It’s only original once. That’s the mantra I’m hearing more and more often as news of classic cars found in barns spreads across the Internet. The eyes of collectors start welling up as they talk about the patina of time and how that can never be recaptured once a car is repainted. A classic car proudly displaying the effects of time is guaranteed to draw a crowd at any car show. Owners that have preserved a car through the decades have every right to be proud because it requires foresight and hard work to prevent the elements from taking their toll. There are a number of books available that focus entirely on unrestored cars.
Earlier this month I talked about Rachel Veitch’s 1964 Mercury Comet Caliente. It’s fun to talk about a car that outlasted 3 marriages and survived almost 50 years of daily use. Her records of regular maintenance over the decades are clearly reflected in the fantastic condition of the car and she’s earned the right to be proud of her car. I’m happy to say that Rachel has decided to give the car to her grandson and the two of them plan on taking the car out for car shows and cruise nights together. From bottom to top, this is a happy story that is worth telling.
Last month, I reported the recovery of a 1967 Shelby GT500 that had been left to suffer the elements in Death Valley. The owner chose to rebuild the engine and suspension to make it road worthy but wanted to leave the body alone. I agree that 25 years of sun and sand has left this car with a great look that can only be achieved through abuse.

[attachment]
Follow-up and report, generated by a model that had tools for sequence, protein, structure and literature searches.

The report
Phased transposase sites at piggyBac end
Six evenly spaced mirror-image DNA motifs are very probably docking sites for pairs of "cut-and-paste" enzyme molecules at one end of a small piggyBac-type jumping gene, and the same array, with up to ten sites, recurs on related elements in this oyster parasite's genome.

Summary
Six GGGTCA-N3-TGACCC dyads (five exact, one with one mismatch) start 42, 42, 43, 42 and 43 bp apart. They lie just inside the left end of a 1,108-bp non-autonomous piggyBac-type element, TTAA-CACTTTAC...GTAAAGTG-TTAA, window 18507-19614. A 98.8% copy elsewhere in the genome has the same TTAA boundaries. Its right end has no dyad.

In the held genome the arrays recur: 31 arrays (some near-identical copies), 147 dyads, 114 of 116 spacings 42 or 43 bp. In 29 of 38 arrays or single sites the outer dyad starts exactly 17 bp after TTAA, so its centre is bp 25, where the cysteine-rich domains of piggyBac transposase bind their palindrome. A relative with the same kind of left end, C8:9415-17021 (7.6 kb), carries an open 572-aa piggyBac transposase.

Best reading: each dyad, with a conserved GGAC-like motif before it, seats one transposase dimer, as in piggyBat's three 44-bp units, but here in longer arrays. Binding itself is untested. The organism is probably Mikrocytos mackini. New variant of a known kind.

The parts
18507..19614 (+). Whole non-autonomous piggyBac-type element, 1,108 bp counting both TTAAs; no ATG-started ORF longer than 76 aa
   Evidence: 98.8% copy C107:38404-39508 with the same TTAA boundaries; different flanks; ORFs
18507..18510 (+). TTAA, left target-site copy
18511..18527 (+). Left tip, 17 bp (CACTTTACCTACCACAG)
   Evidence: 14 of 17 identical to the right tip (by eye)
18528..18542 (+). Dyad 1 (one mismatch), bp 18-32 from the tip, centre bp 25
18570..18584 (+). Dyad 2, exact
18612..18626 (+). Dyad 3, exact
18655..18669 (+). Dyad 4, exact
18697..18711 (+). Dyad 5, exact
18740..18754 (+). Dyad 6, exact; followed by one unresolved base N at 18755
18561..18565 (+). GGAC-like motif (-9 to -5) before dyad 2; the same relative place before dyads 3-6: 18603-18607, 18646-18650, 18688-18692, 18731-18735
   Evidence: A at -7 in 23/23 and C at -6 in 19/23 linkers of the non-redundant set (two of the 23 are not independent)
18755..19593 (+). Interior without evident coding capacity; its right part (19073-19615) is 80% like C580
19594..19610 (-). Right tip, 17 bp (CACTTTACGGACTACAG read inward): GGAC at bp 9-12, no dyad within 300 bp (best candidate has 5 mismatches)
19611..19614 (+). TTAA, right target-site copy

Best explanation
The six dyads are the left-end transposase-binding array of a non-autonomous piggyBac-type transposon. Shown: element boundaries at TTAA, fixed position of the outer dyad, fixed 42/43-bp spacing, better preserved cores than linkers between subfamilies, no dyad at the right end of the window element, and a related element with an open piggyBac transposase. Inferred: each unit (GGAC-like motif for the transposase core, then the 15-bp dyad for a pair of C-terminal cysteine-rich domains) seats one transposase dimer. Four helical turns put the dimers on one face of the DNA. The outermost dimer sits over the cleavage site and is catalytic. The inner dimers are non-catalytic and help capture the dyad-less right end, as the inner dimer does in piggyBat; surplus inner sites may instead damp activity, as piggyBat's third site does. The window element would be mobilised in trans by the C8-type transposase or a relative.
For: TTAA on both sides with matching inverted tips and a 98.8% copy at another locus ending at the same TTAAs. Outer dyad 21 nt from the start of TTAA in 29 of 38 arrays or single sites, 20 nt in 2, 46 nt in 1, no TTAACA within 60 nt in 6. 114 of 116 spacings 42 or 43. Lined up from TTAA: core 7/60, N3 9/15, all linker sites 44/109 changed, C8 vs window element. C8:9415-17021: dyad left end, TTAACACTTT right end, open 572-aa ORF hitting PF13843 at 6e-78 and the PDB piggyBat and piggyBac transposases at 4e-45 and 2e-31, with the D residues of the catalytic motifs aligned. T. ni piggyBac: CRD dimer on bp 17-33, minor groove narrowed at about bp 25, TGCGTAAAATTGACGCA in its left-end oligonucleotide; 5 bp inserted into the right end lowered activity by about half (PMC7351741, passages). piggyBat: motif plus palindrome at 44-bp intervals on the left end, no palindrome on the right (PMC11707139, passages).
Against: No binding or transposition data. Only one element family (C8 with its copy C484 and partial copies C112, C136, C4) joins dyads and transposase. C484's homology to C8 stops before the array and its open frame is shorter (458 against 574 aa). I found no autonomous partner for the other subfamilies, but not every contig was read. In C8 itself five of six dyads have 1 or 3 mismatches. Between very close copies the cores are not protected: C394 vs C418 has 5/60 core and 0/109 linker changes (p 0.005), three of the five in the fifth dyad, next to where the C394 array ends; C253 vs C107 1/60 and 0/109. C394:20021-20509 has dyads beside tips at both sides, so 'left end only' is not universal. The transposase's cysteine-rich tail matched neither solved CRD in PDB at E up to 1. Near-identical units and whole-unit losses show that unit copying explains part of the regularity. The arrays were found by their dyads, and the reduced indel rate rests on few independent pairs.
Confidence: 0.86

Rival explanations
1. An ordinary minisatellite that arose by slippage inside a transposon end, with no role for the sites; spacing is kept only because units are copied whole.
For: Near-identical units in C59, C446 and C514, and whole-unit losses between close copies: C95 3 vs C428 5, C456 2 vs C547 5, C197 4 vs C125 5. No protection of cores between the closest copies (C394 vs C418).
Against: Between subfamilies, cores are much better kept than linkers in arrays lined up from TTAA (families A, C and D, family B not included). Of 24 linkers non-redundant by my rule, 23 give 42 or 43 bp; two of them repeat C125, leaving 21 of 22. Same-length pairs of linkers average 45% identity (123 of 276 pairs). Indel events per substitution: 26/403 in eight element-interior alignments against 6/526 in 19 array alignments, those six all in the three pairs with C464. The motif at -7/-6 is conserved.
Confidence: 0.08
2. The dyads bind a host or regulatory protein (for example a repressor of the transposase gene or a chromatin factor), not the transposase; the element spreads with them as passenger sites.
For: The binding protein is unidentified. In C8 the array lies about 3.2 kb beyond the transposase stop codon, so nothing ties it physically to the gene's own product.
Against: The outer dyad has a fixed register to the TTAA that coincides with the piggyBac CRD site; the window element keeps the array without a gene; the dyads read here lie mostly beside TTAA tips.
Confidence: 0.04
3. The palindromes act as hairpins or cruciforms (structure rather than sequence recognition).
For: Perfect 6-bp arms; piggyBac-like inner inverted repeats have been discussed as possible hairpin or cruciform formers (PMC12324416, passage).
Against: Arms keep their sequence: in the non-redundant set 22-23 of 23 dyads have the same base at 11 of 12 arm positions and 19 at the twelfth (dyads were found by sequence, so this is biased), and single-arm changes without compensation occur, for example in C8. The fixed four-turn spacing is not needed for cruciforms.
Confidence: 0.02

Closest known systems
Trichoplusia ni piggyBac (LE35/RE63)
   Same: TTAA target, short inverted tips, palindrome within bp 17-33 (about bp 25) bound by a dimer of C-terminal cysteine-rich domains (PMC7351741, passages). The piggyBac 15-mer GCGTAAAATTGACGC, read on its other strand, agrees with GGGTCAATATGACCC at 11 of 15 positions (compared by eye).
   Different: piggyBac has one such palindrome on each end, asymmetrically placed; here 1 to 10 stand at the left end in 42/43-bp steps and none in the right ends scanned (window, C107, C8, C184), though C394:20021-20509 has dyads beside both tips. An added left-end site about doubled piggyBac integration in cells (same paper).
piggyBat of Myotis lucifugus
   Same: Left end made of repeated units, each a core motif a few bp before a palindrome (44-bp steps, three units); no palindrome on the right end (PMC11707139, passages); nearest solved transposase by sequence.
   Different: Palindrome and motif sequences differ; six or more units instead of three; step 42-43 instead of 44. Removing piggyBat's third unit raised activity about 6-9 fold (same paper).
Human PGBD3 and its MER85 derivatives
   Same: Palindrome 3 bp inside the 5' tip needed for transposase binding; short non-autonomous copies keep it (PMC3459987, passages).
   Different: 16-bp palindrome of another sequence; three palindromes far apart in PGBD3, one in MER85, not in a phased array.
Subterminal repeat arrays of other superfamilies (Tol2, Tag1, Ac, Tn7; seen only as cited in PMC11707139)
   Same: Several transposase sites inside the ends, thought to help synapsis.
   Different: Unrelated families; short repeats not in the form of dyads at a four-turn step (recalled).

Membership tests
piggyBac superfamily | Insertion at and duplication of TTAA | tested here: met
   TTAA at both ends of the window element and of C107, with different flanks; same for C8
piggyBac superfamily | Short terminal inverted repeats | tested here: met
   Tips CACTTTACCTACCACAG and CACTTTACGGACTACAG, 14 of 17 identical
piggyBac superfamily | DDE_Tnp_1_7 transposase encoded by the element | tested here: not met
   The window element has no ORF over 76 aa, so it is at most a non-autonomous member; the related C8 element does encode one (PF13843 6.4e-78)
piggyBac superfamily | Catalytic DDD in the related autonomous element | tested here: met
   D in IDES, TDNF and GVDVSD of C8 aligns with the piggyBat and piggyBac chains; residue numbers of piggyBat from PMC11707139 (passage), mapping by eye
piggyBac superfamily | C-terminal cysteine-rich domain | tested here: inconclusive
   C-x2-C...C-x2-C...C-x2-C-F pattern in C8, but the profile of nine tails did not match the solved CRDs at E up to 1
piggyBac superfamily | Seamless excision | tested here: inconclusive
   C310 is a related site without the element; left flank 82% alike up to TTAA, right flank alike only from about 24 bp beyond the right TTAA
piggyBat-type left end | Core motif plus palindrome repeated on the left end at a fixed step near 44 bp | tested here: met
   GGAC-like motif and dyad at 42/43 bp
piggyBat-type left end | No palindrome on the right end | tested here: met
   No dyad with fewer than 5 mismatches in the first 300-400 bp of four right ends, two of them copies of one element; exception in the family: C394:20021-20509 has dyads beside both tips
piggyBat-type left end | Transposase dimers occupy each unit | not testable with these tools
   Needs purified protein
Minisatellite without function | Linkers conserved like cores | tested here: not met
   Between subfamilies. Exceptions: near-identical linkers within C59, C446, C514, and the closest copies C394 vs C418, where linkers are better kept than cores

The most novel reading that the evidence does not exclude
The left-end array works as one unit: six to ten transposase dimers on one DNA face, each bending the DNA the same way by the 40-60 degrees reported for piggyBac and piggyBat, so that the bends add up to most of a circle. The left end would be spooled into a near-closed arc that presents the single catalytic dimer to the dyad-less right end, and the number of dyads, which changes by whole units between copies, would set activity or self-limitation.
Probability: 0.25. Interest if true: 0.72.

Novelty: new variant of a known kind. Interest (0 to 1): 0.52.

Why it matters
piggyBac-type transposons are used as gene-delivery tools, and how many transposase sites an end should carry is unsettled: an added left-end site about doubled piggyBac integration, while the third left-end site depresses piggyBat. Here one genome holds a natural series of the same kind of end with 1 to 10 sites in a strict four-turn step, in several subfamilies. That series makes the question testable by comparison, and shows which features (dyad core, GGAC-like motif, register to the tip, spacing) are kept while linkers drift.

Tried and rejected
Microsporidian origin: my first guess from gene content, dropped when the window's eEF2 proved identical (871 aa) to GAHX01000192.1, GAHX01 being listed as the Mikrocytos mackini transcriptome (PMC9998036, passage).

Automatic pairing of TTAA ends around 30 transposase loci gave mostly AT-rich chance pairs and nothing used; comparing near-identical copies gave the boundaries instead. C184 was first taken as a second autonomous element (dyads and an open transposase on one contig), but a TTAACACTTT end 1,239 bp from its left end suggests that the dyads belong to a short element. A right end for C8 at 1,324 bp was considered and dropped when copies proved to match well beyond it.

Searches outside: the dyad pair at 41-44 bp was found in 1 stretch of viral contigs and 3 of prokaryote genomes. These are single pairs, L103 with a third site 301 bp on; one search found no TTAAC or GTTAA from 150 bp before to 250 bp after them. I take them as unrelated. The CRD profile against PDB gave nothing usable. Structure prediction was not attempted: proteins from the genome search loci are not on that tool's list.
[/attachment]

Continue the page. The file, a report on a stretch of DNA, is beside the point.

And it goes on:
Bonhams has announced they will be auctioning an unrestored 1959 Austin Mini Se7en De Luxe Saloon. This was the eighth Mini to roll off the assembly line and oldest one known to have not been restored. It’s expected to fetch between $19,000 and $24,000 when it crosses the block on Monday but I won’t be surprised if it sells for more with all of the press it’s received during the past week.
Like Big Ben, The Beatles, the Union Jack or mushy peas, the Mini helps to define Great Britain. Millions of Minis rolled off the assembly lines in the UK and they are famous around the world. When people look at the modern, German engineered Mini they can’t help but associate it with the original and all of the history associated with it. The idea of having one of the first Minis still wearing the original paint is a compelling thought.
Sadly, the tales told by the paint of this car don’t reflect decades of careful maintenance or the impact of desert heat. What I see looking at these pictures is a tale of neglect. The engine bay is a mess and the integrity of the frame is questionable. On the up side of things, the shell is mostly intact and the exterior rust does have an attractive pattern to it.
To leave the car in its current state would be a crime. The question is, how far should the buyer go when rebuilding it? I wonder what a company like Howard Auto Preservation could do with a car this far gone. My hope is that they clean up and rebuild the engine and reinforce the chassis to make it safe for the road again. I would certainly go out of my way at a car show to see the pit marks and cracks accumulated over the years. It will be nice to see someone treating this car with the respect it deserves after so much neglect.
For collectors that would like to add a few Minis to their own collection for the price of a few sheets of paper and a little time, the Vancouver Mini Club has these fun paper models of the Mini that are free to download. If you have a bit more time and want more detail then grab a paper model of the Mini from Legendary Cars to assemble. Once built, it’s okay with me if you leave them to suffer the ravages of time. They’re only paper.